The Nigerian Army on Wednesday identified the Badoo group and other cults as one of the security challenges that Operation Crocodile Smile II would take care of in the South-West.
The Director, Army Public Relations, Brig. Gen. Sani Usman, who stated this in an interview with newsmen, insisted that the military operations – Egwu Eke II and Crocodile Smile II – like the earlier operations, were not targeted at “any particular ethnic group or group of individuals.”
Usman said, “Let me tell you. I made reference to Operation Crocodile Smile, because there is so much mischief and misinformation in respect of Exercise Egwu Eke II. What we are saying is that the exercise is not targeted at any particular ethnic group or a group of persons.
“The army needs to train because in the event of being called upon by the civic authorities, we will know what to do. So, we are looking at large-scale security challenges and we train on those aspects. Last year, we had all these exercises based on the challenges at that time.
“But this year, there are issues associated with criminalities such as Badoo and other cult-related activities. The problems associated with the North-West are different from the South-South or the South-East or a combination of both. The whole idea is that these exercises are routine and some people only blow things out of proportion. But we mean well and we just want to train our troops to be more professional.”
But the pan-Yoruba group, Afenifere condemned the planned deployment of troops in the South-South and South-West geopolitical zones, saying there was no basis for it.
The group said it was not the duty of the military to fight crimes, noting that the military authorities should rather deploy their personnel in the North-East where their services were needed.
Afenifere spokesman, Yinka Odumakin, in a recent interview raised concern over the deployment of troops for police duties when the military had not totally vanquished Boko Haram insurgents.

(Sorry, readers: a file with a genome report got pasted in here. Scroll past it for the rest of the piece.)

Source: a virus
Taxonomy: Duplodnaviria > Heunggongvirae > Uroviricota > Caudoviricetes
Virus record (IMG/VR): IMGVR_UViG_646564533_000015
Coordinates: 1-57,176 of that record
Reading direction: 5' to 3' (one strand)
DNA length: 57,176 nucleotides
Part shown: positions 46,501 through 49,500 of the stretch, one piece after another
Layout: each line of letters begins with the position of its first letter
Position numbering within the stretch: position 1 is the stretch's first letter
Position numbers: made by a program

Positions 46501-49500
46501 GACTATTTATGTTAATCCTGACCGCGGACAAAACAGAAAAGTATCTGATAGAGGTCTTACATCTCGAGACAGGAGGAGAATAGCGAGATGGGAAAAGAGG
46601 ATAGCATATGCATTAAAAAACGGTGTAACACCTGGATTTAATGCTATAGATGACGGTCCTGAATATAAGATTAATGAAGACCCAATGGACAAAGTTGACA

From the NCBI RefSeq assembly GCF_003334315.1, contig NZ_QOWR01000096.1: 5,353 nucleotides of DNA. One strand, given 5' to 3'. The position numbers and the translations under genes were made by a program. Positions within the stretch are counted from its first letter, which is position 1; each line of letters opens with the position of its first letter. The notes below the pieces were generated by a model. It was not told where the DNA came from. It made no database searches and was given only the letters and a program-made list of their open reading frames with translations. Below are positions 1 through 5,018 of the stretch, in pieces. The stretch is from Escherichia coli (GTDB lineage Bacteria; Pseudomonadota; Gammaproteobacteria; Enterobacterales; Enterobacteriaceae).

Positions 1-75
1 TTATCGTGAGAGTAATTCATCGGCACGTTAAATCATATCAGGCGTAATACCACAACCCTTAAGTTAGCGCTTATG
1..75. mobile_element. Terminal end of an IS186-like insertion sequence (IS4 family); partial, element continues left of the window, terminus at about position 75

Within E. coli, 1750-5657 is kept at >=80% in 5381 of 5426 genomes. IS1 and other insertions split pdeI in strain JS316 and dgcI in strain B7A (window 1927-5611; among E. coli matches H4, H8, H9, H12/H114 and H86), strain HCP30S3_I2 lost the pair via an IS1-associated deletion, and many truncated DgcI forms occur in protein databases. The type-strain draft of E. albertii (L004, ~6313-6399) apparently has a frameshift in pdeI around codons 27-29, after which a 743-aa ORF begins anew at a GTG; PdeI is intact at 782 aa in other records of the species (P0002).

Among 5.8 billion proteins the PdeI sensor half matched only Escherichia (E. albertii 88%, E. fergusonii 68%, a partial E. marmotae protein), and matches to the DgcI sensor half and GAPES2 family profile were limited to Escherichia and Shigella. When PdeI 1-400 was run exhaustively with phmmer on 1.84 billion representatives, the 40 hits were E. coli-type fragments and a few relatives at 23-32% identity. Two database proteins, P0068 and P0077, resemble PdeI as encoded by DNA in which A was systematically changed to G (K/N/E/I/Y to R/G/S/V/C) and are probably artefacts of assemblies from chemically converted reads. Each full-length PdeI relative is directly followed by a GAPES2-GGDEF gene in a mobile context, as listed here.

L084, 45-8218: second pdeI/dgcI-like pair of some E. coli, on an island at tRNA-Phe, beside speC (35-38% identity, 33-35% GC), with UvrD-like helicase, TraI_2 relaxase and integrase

He said, “There is no basis for it (troops deployment), there is peace in the South-West and calm in the South-South as of now except there are fifth columnists within the administration who just want to provoke crisis where there is none.
“If they say they are looking for kidnappers, even in the South-West, where they say they want to deploy troops, it was the police that arrested the notorious kidnapper, Evans. They arrested him without firing shots or carrying out any major operation, they simply used intelligence and arrested him.
“If there should be any crime that the military want to curb, it is the police that should do it. There is no need for any Operation Python Dance, they should go and dance in the North-East where Boko Haram killed an Imam and others in Borno a few days ago,” Afenifere admonished.
Meanwhile, the Pan Niger Delta Forum and the Ijaw Youth Council have called on the Federal Government to reconsider the deployment of soldiers in the Niger Delta region under the ‘Operation Crocodile Smile 11,’, saying that the move could undermine the relative peace in the region.
In a statement signed by its Coordinating Secretary, Dr. Alfred Mulade, on Wednesday, PNDEF said deployment of soldiers was misadvised and ill-conceived especially at this time when the geopolitical zone gradually coming to terms with the urgent need for sustaining the relative peace in the region.
The President of the IJC, Mr. Eric Omare, has also warned that the plan to extend Operation Crocodile Smile to the Niger Delta region will only aggravate the volatile situation in the area.
Omare said, “The plan unnecessary; the Federal Government should not consider what the Operation Python Dance did in the South-East, which led to the tagging of the Indigenous People of Biafra as a terrorist group, as an achievement.
“What Operation Python Dance has done is not an achievement to the Federal Government. It is negative for the government.
“For the Niger Delta, from my experience, extending the Operation Crocodile Smile to the Niger Delta will only aggravate the volatile situation in the region.”
He, however, advised the Federal Government to reconsider its position on the matter.